Connor and Sunny go to an abandoned motel. She finds a man behind the first door she tries, so she goes upstairs, where she soon finds an unoccupied room where she plans for Connor and herself to spend the night. She finds clothing for Connor, then pulls a few snack food items out of her purse. As the two eat, Sunny explains that she takes medicine (heroine) she gets from Tyke, the drug dealer, because it helps her when she is sad.
Gunn and Fred return to the hotel to find Cordelia and the Groosalugg unconscious on the floor.
Sunny asks Connor why he is in Los Angeles. Connor says he came there to find his father. She says she came there to escape her father. She kisses Connor, then leaves saying she will be right back.
Wesley is using a laptop computer. He glances at the book Lilah gave him.
Connor, dozing off, is suddenly awakened by a police siren. He looks for Sunny. He finds her in another room in the motel, by a bathtub, dead, with a needle in her arm. He picks up the packet of heroin Sunny used, and understands. As he stands and turns, he sees Angel in the doorway.
Connor refuses to talk, but Angel follows him back to the room Sunny and Connor were sharing. He sees Connor sniffing a jacket that Sunny took from Tyke. Angel guesses that he intends to hunt down and kill Tyke. The two come to blows. Connor tells Angel his name is Steven.
Cordelia and the Groosalugg have recovered consciousness. Fred finds a book with a picture of the beast Connor killed. The book says the creature usually has a mate. Since Lorne has not returned, Fred suggests Wesley might help, but Cordelia demurs. Fred says she intends to call Wesley anyway, but Gunn orders her not to do so. Lorne enters with Mistress Myrna, who is a specialist in dimensional magic.
Angel cautiously talks to Connor, trying to start a conversation. Angel says he couldn't find a way into Quor'Toth. Connor replies that he found a way out. When Angel says Connor must have many questions, Connor says that his father, by which he means Holtz, told him everything. He challenges Angel to show him the demon face. Angel does so, saying he hopes Connor will be able to accept that part of him someday. Tyke, carrying a handgun, enters with several henchmen.
Tyke asks about Sunny. Angel wants to talk, saying there is no need for violence, but Tyke strikes him, saying he doesn't hear very well anymore. One of Tyke's henchmen finds Sunny and reports that she is dead. Tyke demands his property back. Another of his henchmen reports that the police are at the motel.
Mistress Myrna closes the opening to Quor'Toth, which she calls "a tear in reality, a big cosmic no-no," then immediately leaves.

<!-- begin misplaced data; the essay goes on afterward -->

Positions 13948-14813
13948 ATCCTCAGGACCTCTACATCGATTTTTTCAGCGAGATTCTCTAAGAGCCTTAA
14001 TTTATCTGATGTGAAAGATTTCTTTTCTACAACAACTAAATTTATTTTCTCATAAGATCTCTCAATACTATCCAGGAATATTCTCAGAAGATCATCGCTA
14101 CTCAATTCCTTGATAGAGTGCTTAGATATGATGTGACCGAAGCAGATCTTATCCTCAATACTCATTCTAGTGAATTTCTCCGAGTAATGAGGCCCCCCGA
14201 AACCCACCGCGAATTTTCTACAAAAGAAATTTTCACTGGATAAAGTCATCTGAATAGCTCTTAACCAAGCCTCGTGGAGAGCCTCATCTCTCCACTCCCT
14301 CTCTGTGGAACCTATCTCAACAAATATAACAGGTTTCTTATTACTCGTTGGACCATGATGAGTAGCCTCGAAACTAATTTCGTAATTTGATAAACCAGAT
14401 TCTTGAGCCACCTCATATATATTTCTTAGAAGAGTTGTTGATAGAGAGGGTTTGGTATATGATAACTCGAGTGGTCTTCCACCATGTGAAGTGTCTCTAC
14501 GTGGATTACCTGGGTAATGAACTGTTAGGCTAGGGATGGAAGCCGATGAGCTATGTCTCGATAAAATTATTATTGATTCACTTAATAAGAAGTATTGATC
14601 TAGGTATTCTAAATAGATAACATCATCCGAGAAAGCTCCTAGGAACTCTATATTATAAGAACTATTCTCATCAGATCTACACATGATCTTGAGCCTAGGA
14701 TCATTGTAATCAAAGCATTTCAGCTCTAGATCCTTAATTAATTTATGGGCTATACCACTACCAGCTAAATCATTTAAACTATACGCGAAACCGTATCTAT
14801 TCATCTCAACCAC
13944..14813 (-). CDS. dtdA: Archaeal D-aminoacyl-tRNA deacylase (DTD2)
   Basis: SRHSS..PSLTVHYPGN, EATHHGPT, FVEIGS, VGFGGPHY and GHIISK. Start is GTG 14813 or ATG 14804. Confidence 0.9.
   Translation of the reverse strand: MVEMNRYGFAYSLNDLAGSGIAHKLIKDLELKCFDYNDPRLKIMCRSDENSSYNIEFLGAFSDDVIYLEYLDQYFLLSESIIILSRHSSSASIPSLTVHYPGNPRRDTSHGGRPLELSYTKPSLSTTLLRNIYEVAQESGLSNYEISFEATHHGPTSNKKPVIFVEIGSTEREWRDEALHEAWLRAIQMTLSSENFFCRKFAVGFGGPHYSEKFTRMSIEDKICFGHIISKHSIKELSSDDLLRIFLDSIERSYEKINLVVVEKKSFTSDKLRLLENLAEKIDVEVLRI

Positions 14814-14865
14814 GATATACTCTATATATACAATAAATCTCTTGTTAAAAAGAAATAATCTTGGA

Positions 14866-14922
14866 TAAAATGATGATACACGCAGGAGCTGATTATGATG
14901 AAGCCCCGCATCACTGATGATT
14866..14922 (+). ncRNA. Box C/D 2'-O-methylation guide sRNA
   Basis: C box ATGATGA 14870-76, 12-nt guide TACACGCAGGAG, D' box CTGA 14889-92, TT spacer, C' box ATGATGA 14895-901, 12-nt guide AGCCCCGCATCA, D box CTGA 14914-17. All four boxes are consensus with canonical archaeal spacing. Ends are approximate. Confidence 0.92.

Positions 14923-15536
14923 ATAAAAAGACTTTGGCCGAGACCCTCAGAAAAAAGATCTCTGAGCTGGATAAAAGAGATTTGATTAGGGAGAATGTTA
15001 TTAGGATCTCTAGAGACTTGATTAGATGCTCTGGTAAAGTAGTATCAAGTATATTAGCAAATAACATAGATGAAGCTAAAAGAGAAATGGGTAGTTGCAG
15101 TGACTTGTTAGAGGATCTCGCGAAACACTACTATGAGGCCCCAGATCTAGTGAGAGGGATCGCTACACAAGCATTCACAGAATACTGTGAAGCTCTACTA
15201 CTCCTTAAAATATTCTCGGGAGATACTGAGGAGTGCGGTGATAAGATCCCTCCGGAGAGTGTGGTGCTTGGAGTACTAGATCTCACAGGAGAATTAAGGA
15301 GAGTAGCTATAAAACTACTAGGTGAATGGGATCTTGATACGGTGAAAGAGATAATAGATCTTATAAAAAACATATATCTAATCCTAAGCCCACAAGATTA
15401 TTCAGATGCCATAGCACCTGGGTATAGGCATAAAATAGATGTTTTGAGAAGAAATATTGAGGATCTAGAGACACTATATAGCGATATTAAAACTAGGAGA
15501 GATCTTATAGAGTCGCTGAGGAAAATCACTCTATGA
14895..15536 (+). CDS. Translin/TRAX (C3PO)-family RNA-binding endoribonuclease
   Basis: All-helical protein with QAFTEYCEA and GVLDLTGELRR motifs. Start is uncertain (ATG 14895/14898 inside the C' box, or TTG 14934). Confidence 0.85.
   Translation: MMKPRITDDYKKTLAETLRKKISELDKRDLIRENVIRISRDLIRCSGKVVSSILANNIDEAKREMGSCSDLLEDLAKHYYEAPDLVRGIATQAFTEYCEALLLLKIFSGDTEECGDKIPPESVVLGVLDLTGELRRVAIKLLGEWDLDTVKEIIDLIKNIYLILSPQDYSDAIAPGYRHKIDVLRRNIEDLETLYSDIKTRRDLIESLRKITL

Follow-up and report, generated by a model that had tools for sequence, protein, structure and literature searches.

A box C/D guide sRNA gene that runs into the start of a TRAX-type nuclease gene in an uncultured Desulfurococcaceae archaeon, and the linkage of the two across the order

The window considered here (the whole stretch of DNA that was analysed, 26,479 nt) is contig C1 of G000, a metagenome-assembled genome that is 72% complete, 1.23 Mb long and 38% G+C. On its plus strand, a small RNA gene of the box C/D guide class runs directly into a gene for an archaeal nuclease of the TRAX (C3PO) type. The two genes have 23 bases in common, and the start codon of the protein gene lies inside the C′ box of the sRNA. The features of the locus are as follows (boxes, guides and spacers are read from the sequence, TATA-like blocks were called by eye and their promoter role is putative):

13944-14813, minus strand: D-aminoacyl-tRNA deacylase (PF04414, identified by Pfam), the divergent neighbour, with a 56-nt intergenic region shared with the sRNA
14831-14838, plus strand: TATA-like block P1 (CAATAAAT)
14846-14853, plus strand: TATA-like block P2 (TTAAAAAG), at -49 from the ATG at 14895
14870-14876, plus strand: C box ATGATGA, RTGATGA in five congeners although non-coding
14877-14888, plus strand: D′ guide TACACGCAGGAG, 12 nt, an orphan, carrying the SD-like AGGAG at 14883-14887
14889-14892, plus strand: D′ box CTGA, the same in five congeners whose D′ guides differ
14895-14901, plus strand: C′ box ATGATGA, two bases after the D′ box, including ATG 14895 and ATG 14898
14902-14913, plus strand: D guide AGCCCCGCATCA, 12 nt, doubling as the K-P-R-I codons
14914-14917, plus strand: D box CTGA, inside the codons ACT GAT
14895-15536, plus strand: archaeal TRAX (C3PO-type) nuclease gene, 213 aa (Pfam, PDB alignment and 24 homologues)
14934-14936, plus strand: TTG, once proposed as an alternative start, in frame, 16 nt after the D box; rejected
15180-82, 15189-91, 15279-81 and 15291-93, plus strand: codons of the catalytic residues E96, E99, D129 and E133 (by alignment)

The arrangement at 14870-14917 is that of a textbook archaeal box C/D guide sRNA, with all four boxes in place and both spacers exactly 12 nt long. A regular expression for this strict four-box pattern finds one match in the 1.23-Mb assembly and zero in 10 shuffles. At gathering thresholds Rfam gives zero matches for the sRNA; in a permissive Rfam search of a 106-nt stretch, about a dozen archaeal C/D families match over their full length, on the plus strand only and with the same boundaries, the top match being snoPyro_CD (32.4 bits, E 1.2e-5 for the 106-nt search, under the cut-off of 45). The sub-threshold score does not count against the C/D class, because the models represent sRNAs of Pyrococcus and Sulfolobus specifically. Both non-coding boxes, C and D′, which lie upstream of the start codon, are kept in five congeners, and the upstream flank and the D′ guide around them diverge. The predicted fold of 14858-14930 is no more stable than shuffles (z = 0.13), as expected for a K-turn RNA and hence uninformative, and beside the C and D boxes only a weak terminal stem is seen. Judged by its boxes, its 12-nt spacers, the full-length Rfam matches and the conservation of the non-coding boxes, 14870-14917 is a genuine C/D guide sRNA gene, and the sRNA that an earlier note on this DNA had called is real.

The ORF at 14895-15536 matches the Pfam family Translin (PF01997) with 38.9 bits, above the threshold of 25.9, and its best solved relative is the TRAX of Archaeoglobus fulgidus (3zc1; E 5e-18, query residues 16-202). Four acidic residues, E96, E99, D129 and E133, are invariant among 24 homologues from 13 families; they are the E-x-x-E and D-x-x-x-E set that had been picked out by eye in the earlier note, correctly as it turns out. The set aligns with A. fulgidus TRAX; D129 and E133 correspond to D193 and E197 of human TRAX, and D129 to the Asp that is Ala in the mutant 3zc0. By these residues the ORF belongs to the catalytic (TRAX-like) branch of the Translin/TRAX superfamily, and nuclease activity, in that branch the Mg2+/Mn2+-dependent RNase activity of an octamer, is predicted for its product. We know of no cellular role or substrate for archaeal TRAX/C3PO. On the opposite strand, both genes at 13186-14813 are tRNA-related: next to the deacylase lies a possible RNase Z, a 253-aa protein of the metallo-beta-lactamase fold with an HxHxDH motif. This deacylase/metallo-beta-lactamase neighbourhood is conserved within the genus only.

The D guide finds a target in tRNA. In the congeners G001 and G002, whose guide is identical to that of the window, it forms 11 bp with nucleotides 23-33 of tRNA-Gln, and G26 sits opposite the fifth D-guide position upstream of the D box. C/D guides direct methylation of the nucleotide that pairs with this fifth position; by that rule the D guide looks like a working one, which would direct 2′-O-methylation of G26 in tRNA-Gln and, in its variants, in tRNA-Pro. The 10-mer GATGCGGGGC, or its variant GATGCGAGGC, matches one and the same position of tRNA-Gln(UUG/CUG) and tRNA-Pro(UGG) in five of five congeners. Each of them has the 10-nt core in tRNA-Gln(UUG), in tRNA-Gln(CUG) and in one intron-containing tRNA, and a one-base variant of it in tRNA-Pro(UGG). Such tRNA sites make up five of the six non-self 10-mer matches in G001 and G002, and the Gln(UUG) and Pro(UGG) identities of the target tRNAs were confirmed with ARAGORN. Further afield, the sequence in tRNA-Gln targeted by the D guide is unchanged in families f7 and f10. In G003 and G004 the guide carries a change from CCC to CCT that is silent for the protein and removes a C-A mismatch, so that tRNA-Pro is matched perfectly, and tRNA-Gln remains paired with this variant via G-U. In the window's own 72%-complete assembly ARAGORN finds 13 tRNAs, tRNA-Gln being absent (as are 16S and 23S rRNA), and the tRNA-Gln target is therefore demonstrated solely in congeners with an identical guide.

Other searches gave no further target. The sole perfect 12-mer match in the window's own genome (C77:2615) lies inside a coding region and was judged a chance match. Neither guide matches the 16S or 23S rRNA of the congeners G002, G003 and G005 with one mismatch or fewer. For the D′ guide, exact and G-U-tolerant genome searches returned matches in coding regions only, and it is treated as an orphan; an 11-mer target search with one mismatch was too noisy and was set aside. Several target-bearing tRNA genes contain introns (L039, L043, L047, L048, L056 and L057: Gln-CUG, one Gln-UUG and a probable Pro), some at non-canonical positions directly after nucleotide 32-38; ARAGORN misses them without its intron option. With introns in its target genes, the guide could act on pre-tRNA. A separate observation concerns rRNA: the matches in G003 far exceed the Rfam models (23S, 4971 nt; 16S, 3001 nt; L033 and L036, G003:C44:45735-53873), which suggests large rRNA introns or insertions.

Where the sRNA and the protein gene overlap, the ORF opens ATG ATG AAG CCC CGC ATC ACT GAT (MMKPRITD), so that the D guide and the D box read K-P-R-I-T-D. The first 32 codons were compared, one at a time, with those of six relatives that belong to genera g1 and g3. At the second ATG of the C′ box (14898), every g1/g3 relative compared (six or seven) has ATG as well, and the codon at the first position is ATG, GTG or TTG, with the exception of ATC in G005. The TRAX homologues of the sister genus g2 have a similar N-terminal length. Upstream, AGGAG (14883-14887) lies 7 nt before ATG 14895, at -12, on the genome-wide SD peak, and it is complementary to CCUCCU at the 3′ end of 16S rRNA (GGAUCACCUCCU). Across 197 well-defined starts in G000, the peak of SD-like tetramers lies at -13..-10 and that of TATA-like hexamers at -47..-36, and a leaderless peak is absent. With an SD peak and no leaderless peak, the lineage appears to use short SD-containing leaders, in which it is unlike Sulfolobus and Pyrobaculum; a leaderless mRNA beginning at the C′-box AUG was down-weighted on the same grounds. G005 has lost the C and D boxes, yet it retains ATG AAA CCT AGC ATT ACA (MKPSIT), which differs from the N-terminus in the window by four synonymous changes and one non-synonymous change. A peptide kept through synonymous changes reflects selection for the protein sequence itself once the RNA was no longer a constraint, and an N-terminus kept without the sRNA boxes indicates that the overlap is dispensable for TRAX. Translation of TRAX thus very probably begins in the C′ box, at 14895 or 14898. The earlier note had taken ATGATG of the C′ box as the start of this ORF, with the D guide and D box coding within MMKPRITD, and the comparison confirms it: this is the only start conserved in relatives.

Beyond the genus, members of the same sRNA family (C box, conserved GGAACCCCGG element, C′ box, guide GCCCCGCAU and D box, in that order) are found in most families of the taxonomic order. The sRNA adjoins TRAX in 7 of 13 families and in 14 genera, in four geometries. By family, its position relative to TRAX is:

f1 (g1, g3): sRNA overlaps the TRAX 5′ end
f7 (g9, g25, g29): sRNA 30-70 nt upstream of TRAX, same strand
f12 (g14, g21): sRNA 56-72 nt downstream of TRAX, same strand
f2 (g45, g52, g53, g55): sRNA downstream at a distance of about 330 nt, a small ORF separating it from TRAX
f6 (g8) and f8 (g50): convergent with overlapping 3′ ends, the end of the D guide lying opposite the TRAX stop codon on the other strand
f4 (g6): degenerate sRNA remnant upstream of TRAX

Angel and Connor get the jump on Tyke and his men. The police hear the disturbance and move toward the room with weapons raised. Tyke seizes Connor, intending to use him as a human shield. Angel volunteers to take Connor's place. The police break in with axes. Tyke shoots at them and in the process releases Connor.
During the ensuing gun battle, Angel tells Connor to flee out the window. A policeman enters. As Angel tries to escape, the policeman shoots him in the back. The policeman is distracted by Tyke. Angel gets up and escapes together with Connor.
On the street below, Angel suggests that Connor come back to the hotel with him. Connor is impressed with Angel's heroics, but declines the offer.
In an alleyway, Connor finds Holtz, much older now.
- Lilah says that "Wolfram and Hart has the finest library of mystical, occult, and supernatural reference material in the world". This is seen in "Home".
- Connor uses the name Steven, the name Holtz gave him in "Sleep Tight".
- When Angel takes a shotgun blast for Connor, its the first sign that Connor can trust Angel.
- Connor forgot Holy Water.
- Sunny, drug overdoze
- Tyke's minions, shot by the police
Behind the ScenesEdit
Pop Culture ReferencesEdit
- The character Sunny may be a reference to a character by the same name in J.D. Salinger's The Catcher in the Rye. Both girls are poor teenagers who are encountered by adolescent men in times of need (Connor and Holden Caulfield respectively). Both men are dealing with separate existential crises. While Sunny from Salinger's novel is a prostitute, Sunny from the episode is a drug-addict.
- Robert J. Kral - original score